Alpine Configuration Framework Design

From Alpine Linux
Revision as of 21:57, 4 March 2009 by Ttrask (talk | contribs) (Added link to Managing_ACF)
Jump to: navigation, search

Alpine Configuration Framework

The Alpine Configuration Framework (ACF) is a mvc-style application for configuring an Alpine device. The primary focus is for a web interface - ACF's main goal is to be a light-weight MVC "webmin".

Why Haserl + Lua

Other competitors in the arena were Webmin, Ruby on Rails, PHP with templates.

A full webmin (Perl), RoR or PHP implementation each require several MB of installed code, and can have very slow startup times, especially when used in "cgi" mode. After evaluating many options, we found that Lua has the following advantages:

  • It is small (typically ~200KB of compiled code)
  • It compiles and runs much faster than PHP, Perl or Ruby
  • It provides a "normal" scripting language with features similar to PHP, perl, java, awk, etc.

Haserl + Lua provides a 'good enough' toolset to build a full-featured web application.

Why ACF is MVC

The MVC design pattern is used to separate presentation information from control logic. By MVC we mean:

  • Model - code that reads / writes a config file, starts / stops daemons, or does other work modifying the router.
  • View - code that formats data for output
  • Controller - code that glues the two together

Note the lack of words like: HTML, XML, OO, AJAX, etc. The purpose of ACF's MVC is simply to separate the configuration logic from the presentation of the output.

The flow of a single transaction is:

start -> execute requested function in controller, optionally reading/writing a file using functions in the model -> execute the view to format the output -> end

Every transaction follows this pattern. For ACF developers, the focus should be on getting a model that does a proper job of abstracting the config file into useable entities and then building a controller that presents useable "actions" based on the model. The presentation layer should be last on the priority list.

For good background information on what ACF attempts to do, please see Terence Parr's paper "Enforcing Strict Model-View Separation in Template Engines" at or the local copy of the pdf.

Starting ACF

The easiest way to start ACF is to run the setup-webconf script. This script will install mini-httpd, create a certificate, and start mini-httpd in HTTPS mode. WARNING - This will give anyone on the network access to your machine. The script will also install the two packages that are necessary for basic ACF: acf-core and acf-alpine-baselayout. To view ACF, simply browse to your machine (https://<hostname>/).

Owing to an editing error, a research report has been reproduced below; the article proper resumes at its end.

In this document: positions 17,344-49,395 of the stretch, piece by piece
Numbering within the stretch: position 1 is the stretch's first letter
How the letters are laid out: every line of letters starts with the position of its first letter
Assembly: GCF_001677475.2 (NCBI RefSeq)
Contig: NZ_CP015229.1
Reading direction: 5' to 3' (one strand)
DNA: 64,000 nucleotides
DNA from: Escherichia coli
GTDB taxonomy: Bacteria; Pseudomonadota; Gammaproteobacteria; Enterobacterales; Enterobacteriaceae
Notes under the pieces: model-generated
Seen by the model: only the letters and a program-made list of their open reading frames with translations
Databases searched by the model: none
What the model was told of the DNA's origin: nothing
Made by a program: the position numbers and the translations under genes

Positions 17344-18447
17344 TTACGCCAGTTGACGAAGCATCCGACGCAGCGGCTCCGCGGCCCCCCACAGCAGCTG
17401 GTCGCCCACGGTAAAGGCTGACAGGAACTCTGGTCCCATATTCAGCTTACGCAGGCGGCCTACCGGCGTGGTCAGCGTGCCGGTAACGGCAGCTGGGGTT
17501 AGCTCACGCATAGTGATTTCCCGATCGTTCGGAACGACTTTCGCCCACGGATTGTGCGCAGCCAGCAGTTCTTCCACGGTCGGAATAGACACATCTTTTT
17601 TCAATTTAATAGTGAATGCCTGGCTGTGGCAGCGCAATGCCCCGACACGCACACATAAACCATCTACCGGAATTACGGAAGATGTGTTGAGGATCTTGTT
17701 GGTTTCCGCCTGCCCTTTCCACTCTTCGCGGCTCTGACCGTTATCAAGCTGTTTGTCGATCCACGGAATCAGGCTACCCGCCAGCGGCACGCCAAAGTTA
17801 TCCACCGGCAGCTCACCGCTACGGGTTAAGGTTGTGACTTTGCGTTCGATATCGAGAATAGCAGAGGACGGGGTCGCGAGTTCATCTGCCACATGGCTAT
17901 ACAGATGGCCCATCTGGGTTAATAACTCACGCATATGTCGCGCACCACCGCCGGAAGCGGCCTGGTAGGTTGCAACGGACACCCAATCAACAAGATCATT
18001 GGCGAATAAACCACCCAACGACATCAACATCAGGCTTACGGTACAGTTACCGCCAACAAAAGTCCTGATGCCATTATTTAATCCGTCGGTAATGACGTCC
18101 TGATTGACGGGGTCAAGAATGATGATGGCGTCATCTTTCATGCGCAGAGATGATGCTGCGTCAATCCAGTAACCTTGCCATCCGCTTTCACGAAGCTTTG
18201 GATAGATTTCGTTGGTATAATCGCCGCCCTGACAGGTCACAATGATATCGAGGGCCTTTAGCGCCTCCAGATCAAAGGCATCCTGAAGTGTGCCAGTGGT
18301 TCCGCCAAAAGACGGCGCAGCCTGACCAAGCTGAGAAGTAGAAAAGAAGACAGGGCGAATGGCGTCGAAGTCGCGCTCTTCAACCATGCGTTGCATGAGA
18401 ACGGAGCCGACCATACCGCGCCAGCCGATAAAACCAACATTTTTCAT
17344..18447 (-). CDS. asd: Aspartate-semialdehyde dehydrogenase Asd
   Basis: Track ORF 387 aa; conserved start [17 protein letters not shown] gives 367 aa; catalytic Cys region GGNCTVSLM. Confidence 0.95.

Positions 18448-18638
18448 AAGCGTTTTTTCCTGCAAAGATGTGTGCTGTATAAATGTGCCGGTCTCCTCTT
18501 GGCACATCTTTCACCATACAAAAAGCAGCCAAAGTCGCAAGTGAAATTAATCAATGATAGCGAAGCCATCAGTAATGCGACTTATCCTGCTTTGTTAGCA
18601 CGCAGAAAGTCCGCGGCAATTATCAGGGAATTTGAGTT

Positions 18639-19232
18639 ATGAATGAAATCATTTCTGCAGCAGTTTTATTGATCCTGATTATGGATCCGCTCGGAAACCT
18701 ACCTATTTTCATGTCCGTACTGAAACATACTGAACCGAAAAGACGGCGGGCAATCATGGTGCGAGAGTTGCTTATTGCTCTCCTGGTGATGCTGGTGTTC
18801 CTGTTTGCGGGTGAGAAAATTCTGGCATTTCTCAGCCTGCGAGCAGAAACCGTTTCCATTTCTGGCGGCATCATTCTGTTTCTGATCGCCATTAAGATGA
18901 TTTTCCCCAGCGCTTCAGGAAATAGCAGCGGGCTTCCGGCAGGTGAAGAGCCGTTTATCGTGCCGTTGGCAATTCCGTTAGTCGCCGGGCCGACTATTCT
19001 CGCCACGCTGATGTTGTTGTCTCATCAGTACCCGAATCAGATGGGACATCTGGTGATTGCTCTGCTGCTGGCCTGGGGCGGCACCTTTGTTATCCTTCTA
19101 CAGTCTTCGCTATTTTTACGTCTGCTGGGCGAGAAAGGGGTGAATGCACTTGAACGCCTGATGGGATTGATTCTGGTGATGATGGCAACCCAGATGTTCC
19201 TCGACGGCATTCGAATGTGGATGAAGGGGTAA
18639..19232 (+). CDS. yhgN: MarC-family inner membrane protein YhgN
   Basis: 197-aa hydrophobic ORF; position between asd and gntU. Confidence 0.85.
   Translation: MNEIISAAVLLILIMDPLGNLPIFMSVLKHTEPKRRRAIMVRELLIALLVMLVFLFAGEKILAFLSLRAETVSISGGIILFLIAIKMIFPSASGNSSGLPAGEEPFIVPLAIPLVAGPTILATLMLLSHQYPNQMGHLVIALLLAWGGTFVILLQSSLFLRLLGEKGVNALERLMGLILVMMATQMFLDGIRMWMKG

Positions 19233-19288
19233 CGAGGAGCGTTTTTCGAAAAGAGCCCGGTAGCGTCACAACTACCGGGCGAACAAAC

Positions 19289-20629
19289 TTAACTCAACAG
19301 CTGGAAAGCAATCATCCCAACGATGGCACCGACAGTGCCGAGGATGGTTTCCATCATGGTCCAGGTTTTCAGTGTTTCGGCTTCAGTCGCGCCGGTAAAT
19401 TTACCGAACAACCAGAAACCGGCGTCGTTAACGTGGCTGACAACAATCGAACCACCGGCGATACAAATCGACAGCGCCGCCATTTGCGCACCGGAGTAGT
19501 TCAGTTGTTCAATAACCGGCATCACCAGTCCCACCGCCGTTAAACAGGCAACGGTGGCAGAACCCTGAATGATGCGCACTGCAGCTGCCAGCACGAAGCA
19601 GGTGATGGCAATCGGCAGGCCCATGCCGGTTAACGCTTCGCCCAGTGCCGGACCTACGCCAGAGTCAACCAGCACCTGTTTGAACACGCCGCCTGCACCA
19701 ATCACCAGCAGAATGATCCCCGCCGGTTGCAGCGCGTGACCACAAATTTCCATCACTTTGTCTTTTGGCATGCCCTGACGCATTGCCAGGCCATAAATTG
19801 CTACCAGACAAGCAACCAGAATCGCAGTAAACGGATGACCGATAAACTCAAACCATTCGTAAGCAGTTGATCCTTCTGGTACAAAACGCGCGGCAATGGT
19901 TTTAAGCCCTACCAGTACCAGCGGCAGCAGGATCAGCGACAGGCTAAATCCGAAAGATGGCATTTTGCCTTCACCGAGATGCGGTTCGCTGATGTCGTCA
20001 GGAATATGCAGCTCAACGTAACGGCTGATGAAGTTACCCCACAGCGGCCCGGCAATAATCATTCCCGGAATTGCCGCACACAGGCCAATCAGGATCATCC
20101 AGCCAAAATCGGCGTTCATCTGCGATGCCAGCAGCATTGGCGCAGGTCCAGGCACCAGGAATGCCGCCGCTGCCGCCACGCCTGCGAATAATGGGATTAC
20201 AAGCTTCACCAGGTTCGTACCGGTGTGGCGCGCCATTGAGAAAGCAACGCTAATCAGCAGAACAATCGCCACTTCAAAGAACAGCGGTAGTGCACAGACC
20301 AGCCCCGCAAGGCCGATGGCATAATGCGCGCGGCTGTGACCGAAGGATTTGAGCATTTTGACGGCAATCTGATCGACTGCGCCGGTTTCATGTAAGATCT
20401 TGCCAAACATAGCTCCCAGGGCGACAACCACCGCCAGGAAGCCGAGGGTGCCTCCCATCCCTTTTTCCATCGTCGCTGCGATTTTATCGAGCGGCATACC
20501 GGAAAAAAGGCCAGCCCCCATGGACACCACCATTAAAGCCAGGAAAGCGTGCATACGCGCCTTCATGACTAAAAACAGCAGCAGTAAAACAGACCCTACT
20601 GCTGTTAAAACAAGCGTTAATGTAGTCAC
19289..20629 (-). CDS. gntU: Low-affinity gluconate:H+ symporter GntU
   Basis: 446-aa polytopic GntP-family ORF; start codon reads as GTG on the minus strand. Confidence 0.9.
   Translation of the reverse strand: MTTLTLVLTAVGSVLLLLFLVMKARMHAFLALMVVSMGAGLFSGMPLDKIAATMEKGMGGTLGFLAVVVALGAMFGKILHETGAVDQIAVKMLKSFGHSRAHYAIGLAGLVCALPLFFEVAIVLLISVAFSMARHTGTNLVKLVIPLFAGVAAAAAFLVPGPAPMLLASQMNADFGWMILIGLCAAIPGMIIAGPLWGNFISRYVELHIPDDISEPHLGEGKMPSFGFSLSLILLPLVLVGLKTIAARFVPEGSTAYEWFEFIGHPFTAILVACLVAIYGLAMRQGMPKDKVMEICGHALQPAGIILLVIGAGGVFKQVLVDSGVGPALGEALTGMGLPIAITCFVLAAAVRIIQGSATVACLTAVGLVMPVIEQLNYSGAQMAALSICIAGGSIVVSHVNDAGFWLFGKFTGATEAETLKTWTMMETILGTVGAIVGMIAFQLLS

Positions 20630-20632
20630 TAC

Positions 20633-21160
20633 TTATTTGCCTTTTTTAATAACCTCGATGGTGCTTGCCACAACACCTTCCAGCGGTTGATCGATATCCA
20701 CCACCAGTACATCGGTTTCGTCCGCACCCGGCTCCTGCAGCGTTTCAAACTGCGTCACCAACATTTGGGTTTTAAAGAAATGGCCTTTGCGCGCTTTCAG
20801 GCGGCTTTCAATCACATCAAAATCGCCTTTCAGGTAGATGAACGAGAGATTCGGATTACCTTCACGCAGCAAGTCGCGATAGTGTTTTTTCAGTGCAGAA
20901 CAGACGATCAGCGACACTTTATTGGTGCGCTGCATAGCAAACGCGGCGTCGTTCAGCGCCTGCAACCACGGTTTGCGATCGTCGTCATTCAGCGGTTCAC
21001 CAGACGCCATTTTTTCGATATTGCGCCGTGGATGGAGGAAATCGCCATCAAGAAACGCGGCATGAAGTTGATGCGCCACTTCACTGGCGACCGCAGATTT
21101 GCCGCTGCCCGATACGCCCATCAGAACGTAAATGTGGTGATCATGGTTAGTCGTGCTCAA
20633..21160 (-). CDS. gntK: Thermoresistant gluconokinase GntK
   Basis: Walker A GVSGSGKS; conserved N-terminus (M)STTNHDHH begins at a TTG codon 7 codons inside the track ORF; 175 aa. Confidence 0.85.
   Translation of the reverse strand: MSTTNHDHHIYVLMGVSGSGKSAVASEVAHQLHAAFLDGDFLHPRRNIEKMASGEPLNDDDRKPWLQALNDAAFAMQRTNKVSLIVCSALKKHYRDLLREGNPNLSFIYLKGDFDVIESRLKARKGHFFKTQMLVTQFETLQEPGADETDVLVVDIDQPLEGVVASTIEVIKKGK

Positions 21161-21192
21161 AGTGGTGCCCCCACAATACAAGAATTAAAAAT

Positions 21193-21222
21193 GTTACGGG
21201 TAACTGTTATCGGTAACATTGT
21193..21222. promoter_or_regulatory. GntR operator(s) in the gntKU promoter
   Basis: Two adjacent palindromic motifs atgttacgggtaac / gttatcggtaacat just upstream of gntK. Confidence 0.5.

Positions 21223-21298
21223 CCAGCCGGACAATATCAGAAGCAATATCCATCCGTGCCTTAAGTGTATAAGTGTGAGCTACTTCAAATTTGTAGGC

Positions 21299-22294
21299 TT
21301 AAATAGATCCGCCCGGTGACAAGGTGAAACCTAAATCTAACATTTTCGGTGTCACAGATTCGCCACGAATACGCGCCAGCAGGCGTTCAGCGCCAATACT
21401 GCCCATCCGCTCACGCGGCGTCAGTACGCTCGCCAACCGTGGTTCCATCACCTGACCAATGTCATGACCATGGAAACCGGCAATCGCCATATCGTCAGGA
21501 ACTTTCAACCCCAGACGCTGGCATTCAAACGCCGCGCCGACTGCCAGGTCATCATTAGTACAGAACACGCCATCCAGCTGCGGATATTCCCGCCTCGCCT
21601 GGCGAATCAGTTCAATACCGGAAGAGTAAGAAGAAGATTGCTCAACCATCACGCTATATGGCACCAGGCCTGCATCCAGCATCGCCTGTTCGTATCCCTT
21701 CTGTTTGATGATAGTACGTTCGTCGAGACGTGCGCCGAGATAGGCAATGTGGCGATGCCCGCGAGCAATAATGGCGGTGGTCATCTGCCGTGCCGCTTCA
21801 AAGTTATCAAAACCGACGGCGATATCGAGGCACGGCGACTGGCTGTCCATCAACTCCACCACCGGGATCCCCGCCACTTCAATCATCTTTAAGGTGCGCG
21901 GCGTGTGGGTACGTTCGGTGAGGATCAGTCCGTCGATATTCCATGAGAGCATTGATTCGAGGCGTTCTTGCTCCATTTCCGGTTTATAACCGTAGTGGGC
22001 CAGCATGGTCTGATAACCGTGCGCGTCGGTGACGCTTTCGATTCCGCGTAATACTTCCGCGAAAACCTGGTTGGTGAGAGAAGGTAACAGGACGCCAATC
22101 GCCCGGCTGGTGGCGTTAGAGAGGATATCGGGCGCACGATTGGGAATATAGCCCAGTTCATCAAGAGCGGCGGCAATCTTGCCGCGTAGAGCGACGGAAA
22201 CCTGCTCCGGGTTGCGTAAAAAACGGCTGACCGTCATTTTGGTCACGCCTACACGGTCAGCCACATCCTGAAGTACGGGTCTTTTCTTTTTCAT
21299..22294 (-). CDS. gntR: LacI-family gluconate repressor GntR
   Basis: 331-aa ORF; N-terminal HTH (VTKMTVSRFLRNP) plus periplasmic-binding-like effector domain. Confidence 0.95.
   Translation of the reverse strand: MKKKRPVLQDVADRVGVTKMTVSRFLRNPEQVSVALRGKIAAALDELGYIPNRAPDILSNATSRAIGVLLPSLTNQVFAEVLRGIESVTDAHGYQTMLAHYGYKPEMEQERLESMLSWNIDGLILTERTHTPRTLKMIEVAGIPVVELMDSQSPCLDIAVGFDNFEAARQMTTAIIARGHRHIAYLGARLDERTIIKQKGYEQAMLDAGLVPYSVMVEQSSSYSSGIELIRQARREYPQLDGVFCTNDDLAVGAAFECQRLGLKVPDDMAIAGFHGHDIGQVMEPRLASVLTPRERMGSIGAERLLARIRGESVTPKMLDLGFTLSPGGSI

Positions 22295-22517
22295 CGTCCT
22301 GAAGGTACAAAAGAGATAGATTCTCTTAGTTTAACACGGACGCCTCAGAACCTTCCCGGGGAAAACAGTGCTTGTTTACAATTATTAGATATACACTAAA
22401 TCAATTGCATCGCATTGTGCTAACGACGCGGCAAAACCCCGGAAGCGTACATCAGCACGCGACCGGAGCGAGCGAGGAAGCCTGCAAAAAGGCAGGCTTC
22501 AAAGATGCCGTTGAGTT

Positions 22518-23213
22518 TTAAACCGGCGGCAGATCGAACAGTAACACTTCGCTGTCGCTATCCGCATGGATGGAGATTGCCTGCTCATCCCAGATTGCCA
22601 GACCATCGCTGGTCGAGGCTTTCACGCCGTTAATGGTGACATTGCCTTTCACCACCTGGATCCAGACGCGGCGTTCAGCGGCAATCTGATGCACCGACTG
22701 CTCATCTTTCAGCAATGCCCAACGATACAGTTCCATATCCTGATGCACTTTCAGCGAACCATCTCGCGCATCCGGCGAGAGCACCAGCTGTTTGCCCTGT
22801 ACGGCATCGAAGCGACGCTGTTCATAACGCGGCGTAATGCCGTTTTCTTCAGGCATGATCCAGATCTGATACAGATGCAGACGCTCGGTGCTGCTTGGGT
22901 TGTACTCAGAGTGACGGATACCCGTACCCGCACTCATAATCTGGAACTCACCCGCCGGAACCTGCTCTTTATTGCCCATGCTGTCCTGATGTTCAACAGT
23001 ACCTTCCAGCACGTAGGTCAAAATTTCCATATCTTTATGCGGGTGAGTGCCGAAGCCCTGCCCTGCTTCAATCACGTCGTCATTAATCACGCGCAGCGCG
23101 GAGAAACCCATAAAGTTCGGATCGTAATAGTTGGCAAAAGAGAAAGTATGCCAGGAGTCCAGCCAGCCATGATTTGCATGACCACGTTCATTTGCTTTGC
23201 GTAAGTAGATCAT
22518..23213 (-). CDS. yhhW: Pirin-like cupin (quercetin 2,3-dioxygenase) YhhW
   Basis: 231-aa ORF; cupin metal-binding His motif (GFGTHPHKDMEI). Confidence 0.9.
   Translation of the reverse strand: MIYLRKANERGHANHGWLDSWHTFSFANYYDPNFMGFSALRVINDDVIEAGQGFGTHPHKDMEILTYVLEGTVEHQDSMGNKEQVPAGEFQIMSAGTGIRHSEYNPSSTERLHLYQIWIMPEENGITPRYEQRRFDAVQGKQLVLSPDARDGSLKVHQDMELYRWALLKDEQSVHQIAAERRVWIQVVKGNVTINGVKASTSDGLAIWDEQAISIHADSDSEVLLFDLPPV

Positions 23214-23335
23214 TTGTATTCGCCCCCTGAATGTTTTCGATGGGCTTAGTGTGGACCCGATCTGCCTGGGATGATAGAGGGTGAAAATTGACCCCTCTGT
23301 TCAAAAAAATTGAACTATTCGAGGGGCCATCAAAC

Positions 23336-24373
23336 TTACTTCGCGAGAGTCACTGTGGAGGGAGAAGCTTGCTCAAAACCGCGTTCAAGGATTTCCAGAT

Alternately, you can manually install ACF and your web server. Once again, the two critical ACF packages are acf-core and acf-alpine-baselayout. The ACF packages will install to /usr/share/acf. You can configure your web server to give access to /usr/share/acf/www and run cgi scripts from /usr/share/acf/www/cgi-bin, and you should be able to view ACF.

If you would like to play with other ACF packages, we recommend you install the acf-apk-tools package. This package will allow you to install / delete other packages using ACF. You can then load any other acf-* packages you are interested in.

The two default login / password combinations are 'alpine' / 'test123' and 'foo' / 'test123'. 'alpine' is given ADMIN rights and 'foo' is given USER rights. We recommend you change your login id and password by selecting 'User Management'.

Managing Your ACF Installation

ACF Developer's Guides

  1. mvc.lua reference - mvc.lua is the core of ACF
  2. mvc.lua example - build a simple (command-line) application
  3. acf www-controller reference - ACF www application functions
  4. acf www-controller example - webify the above examples
  5. ACF how to write - Step by step howto for writing acfs
  6. ACF core principles - Things that are standard across the application
  7. LPOSIX - Documentation for the Lua Posix functions
  8. ACF Libraries - Document the libraries and common functions
  9. Writing ACF Views - Guide for writing a view
  10. Writing ACF Controllers - Guide for writing a controller
  11. Writing ACF Models - Guide for writing a model

Other useful links

  1. Lua 5.1 Reference Manual
  2. Programming in Lua (first edition)

ACF Layout

ACF has support for multiple skins.
Only a few skins are available. Feel free to contribute in programming css-stylesheets for ACF.

Howto contribute

First download ACF using svn or installing available acf's using apk_add.
Easiest is if you download latest Alpine ISO, boot a box on that and then run 'setup-alpine' and 'setup-webconf -a' that way you get a running environment fast and easy!
Some example skins are available

  • /usr/share/acf/www/skins/ice/
  • /usr/share/acf/www/skins/snow/

Make a new skin-folder

mkdir /usr/share/acf/www/skins/myskin

Create a css file called as the folder.

touch /usr/share/acf/www/skins/myskin/myskin.css

Now you can start editing your myskin.css.
If you have ACF running on a computer, you can browse to this ACF-page and switch to your knew skin (called myskin) and see the results of your changes.

Pack your myskin-folder, containing your css-file (and images, if there is any).
Send this patch to (Note: Don't forget to subscribe before sending your patch)

ACF Packages

Look at ACF packages to see available ACF modules and their status.